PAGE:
Academic journal article Global Economic Observer

The CETA Treaty - the Trojan Horse of Europeanization

Academic journal article Global Economic Observer

The CETA Treaty - the Trojan Horse of Europeanization

Article excerpt

1. Introduction

On September 21, 2017, the Comprehensive Economic and Trade Agreement between Canada and the European Union (CETA) entered into force, creating new opportunities for both the EU and Canada. In this context, the customs duties between Canada and the EU member states have been eliminated at a rate of 98%. The agreement creates new and far-reaching opportunities for both European and Canadian countries, opens new markets for exporters, generates quality jobs and strengthens the existing relationship between Canada's economy and the economies of the EU.

2. Arbitration tribunals - the most controversial side

European Commissioner for Trade, Cecilia Malstrom, remained discreet after signing on 27 October 2016, first by Belgium (then by EU presidency) of the Free Trade Agreement with Canada, known as the CETA Treaty (Cecile Ducourtieux et Jean-Pierre Stroobants, La ratification du CETA reste semee d'embuches, in Le Monde, Economie et Entreprise, 29 octobre 2016, p. 4). Mrs. Malstrom posted the following comment on the tweet: "Finally, white smoke on CETA. The Belgians agreed. Let us hope that once will be found quickly for an EUCanada summit. "

After initially saying NO to the CETA Treaty on the grounds that it is a threat to the economy and regional social standards, the Parliament and Wallonia's Prime Minister, Socialist Paul Magnette, have obtained an agreement considered "honorable".

The interpretative statement on the CETA provisions - a point of view signed by the representatives of Austria, Germany and Slovenia - was negotiated separately from Wallonia and the Brussels region, which provided Canada with guarantees that the social protection of their citizens would not be affected by the Treaty, as well as a withdrawal clause for a CETA country, if imports of Canadian agricultural products disturb the country too much.

Arbitration tribunals between multinationals and EU Member States - the most controversial part of the agreement - will not be implemented during the provisional implementation period of the CETA agreement; the Ministers of the 28 EU Member States agreed on this provision on 18 October 2016.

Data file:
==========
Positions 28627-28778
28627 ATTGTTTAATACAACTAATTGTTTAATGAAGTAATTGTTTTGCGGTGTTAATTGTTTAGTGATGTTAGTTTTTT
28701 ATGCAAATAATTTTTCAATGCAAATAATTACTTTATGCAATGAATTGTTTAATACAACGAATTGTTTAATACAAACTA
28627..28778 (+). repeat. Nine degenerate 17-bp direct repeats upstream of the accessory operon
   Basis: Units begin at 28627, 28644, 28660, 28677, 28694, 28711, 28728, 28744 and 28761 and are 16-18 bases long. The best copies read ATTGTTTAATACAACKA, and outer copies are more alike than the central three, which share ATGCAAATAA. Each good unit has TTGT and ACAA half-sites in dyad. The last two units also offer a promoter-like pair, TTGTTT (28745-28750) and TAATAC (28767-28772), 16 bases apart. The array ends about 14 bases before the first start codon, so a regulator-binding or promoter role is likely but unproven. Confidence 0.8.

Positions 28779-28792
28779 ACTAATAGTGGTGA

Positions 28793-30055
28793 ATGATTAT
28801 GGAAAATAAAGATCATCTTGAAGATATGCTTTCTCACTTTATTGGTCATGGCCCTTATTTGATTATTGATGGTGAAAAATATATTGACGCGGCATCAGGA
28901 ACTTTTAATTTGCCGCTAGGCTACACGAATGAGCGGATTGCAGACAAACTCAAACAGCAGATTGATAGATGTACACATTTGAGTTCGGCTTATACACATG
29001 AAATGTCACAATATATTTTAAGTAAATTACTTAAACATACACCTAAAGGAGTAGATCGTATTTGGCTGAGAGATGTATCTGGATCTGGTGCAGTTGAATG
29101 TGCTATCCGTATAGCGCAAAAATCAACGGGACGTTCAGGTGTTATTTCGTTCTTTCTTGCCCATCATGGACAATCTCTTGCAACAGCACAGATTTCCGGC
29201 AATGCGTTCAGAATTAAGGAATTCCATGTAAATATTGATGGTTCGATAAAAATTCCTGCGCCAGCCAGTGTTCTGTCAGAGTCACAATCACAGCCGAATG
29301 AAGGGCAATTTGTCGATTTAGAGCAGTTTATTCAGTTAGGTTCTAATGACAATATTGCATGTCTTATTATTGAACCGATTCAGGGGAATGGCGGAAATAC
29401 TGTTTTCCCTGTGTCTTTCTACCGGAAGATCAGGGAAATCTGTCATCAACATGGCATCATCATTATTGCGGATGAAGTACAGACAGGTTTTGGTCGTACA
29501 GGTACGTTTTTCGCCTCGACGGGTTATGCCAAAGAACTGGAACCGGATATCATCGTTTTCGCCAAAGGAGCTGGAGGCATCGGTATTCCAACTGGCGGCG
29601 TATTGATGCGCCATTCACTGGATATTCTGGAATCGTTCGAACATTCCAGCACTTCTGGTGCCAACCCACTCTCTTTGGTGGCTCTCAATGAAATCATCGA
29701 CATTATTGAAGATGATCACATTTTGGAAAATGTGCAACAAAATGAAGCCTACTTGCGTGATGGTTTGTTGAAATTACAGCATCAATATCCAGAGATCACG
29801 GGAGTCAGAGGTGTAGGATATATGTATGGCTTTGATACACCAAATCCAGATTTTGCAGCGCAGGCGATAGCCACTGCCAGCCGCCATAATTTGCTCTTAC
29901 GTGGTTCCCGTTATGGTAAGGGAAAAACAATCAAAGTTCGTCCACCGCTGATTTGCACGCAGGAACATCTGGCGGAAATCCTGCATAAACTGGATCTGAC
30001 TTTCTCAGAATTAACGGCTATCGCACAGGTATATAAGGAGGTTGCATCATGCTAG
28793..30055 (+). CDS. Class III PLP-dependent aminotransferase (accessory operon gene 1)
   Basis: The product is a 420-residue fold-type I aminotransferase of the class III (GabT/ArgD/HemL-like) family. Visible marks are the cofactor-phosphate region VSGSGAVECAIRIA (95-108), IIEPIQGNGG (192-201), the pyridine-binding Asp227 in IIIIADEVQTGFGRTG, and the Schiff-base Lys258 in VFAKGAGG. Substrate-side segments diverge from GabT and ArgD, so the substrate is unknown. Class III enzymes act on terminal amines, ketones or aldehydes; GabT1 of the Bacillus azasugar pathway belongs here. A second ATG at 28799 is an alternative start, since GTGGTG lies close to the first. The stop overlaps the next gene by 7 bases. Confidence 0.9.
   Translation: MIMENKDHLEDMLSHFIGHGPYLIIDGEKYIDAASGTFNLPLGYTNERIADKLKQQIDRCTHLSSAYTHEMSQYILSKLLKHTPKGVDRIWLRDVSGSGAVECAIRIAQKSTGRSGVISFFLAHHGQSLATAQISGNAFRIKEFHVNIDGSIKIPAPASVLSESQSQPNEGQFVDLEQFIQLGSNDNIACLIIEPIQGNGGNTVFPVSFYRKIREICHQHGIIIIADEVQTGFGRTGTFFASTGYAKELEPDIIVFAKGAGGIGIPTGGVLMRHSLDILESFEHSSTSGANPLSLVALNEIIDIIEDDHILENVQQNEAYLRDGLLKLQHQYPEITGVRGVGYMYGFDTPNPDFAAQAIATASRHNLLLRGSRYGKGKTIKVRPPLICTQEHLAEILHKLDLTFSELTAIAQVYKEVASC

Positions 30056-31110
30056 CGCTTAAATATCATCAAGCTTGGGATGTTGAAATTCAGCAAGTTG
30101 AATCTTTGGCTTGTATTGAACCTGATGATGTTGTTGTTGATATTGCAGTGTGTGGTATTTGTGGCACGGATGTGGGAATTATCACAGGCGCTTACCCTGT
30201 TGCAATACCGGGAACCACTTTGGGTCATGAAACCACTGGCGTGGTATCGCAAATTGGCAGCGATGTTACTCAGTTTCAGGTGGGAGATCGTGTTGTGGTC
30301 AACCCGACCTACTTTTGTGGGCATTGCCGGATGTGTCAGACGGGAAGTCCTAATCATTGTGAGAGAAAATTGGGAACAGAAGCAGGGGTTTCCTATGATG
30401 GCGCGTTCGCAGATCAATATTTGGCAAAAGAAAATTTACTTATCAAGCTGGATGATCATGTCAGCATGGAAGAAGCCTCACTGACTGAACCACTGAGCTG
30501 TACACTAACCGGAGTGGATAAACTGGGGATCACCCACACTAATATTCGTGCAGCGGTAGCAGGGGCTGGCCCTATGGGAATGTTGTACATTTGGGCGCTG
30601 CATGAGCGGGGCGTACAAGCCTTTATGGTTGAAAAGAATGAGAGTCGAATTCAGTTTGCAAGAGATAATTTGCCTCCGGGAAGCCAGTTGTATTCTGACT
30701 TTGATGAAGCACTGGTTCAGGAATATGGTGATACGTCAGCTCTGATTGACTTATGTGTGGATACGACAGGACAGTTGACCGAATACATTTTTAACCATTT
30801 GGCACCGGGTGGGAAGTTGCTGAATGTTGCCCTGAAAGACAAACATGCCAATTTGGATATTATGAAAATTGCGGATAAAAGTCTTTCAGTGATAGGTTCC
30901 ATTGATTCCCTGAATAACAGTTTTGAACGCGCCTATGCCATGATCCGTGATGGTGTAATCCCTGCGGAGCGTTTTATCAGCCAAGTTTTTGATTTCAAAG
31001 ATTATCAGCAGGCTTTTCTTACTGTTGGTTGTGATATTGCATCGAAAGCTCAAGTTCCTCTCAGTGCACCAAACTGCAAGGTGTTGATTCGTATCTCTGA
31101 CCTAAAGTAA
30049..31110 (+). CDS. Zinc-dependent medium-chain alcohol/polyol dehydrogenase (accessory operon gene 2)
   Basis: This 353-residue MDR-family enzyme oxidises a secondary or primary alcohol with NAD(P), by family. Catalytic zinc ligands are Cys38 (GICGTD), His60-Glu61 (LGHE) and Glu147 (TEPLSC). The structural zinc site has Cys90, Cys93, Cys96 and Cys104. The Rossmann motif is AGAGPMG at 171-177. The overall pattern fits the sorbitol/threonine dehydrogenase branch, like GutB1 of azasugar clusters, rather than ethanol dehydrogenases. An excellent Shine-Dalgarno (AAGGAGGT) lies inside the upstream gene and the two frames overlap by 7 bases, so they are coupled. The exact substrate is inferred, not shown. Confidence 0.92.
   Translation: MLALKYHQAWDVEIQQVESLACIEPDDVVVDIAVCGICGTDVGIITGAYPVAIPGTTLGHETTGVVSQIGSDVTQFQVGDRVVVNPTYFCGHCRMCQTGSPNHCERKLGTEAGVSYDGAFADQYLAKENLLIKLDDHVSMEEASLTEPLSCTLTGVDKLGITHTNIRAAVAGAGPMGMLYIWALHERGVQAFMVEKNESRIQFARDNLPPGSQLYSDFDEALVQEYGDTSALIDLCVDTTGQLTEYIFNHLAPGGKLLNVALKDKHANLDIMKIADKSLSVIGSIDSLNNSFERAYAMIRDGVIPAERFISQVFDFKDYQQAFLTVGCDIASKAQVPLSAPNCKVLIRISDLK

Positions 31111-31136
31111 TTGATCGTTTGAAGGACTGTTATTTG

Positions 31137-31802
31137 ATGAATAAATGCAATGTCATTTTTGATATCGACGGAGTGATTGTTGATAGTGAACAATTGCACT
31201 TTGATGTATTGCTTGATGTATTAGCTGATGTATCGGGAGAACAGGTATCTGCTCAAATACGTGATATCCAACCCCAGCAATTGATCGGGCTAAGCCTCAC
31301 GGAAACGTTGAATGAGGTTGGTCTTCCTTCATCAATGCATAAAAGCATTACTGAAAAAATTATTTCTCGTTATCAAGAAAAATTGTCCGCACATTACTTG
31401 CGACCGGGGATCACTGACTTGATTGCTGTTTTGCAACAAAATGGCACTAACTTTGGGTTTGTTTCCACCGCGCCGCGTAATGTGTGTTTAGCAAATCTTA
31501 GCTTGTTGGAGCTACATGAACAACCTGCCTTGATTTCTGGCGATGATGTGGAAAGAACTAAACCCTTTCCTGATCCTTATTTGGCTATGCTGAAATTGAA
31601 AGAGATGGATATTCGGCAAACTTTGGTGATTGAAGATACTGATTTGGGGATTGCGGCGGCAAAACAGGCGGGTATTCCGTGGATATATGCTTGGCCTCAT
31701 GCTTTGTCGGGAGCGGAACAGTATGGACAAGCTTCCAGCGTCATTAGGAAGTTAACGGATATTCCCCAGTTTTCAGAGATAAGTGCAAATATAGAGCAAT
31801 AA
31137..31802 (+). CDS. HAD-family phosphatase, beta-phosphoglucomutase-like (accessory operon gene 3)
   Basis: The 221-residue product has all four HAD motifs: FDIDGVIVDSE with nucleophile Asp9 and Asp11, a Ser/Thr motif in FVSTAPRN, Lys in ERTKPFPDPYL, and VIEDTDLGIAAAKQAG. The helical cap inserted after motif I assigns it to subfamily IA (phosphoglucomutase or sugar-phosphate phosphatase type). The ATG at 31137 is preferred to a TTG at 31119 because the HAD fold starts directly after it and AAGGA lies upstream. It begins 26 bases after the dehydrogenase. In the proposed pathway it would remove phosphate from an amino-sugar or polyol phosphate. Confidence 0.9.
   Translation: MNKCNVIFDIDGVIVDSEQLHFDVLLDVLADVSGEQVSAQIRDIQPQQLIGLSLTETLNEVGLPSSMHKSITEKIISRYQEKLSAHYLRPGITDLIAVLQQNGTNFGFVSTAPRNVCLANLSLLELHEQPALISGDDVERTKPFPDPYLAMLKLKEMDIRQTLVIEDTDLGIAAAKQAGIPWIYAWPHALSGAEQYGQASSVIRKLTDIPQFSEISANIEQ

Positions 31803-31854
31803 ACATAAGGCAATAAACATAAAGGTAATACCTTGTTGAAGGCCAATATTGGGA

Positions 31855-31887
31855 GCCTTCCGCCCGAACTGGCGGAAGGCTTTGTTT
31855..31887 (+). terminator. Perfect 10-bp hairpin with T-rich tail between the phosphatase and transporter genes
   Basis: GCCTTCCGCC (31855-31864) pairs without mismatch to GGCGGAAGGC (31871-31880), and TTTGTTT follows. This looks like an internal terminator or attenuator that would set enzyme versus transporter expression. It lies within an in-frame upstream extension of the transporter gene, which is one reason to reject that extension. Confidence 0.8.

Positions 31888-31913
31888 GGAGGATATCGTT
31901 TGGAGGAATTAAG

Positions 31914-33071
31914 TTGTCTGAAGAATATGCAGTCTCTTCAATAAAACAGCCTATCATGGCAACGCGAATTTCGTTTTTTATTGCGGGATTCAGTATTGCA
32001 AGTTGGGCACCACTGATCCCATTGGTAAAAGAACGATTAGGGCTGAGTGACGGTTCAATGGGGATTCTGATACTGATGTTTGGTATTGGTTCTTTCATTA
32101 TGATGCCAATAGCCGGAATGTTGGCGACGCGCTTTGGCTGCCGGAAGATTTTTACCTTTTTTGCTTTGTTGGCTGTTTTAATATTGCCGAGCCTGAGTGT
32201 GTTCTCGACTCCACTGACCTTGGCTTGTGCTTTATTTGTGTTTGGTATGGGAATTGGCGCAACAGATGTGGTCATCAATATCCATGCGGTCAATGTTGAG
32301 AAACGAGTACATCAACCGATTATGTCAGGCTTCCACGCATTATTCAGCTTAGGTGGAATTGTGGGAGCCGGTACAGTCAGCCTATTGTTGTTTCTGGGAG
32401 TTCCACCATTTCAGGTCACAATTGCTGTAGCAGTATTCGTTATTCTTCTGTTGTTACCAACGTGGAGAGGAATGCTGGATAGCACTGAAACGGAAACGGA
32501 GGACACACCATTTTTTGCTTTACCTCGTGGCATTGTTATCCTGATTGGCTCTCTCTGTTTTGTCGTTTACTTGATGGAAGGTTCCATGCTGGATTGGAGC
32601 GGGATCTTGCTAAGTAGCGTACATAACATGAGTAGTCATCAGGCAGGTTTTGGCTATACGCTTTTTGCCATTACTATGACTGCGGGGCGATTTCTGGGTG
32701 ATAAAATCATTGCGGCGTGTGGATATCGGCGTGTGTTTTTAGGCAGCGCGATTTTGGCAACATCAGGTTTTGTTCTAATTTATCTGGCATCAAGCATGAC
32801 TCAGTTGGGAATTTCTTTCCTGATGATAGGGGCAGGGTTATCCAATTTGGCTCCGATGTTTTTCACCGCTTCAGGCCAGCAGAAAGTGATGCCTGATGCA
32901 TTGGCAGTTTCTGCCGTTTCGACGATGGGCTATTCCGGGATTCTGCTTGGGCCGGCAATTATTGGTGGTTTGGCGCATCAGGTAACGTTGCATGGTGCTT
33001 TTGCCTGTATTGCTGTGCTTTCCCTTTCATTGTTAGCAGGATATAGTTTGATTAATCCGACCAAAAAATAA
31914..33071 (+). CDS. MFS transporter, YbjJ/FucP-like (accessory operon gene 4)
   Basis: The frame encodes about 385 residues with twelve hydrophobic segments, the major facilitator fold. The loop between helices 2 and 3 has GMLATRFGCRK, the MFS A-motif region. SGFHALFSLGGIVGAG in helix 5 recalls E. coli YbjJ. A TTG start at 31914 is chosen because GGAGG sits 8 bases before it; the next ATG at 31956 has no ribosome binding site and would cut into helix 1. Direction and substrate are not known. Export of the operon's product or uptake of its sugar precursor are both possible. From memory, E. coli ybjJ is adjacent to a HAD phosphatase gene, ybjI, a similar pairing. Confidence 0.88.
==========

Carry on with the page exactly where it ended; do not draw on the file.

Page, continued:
Following the negotiations with Canada on the treaty, held between 19 and 26 October 2016, the Kingdom of Belgium committed itself to refer the matter to the Court of Justice of the EU on the compliance of the arbitration tribunals of CETA. Wallonia province said it received from Canadians assurance that judges charged with settling disputes will not be selected from business environments, but elected and paid by the signatory states of the Treaty.

Paul Magnette, the craftsman of this European claim, which raises the hopes of the opponents of free trade and globalization, has positively evoked the new rule on the compliance of CETA arbitration tribunals; this was not, however, likely to convince left-wing radicals and ecologists, hostile to the CETA Treaty in principle. The tentative procedure for the signing of the Treaty by the Heads of State and European Governments, followed by the EU-Canada Summit, was pursued to allow Canada's Prime Minister Justin Trudeau to paraphrase the Treaty.

After a favorable vote in the European Parliament, the CETA Treaty could be applied in a provisional manner, pending the ratifications of the 38 national and regional parliaments of the EU, which generally takes several years. Wallonia and the Brussels region have crystallized the opposition of those opposed to free trade. In Austria, Germany or Luxembourg, the anti-CETA and anti-TTIP movements (formerly the US Free Trade Agreement) were less virulent than in Belgium. Indeed, the EU needs Canada, which is a friendly country, at least for the relocation of a part of emigrants now facing the EU. The opposition to the provisions on investorto-state relationship within the CETA is increasing on both parts of the Atlantic on behalf of civil society organizations, trade unions and even public opinions expressed in some of the EU Member States. …

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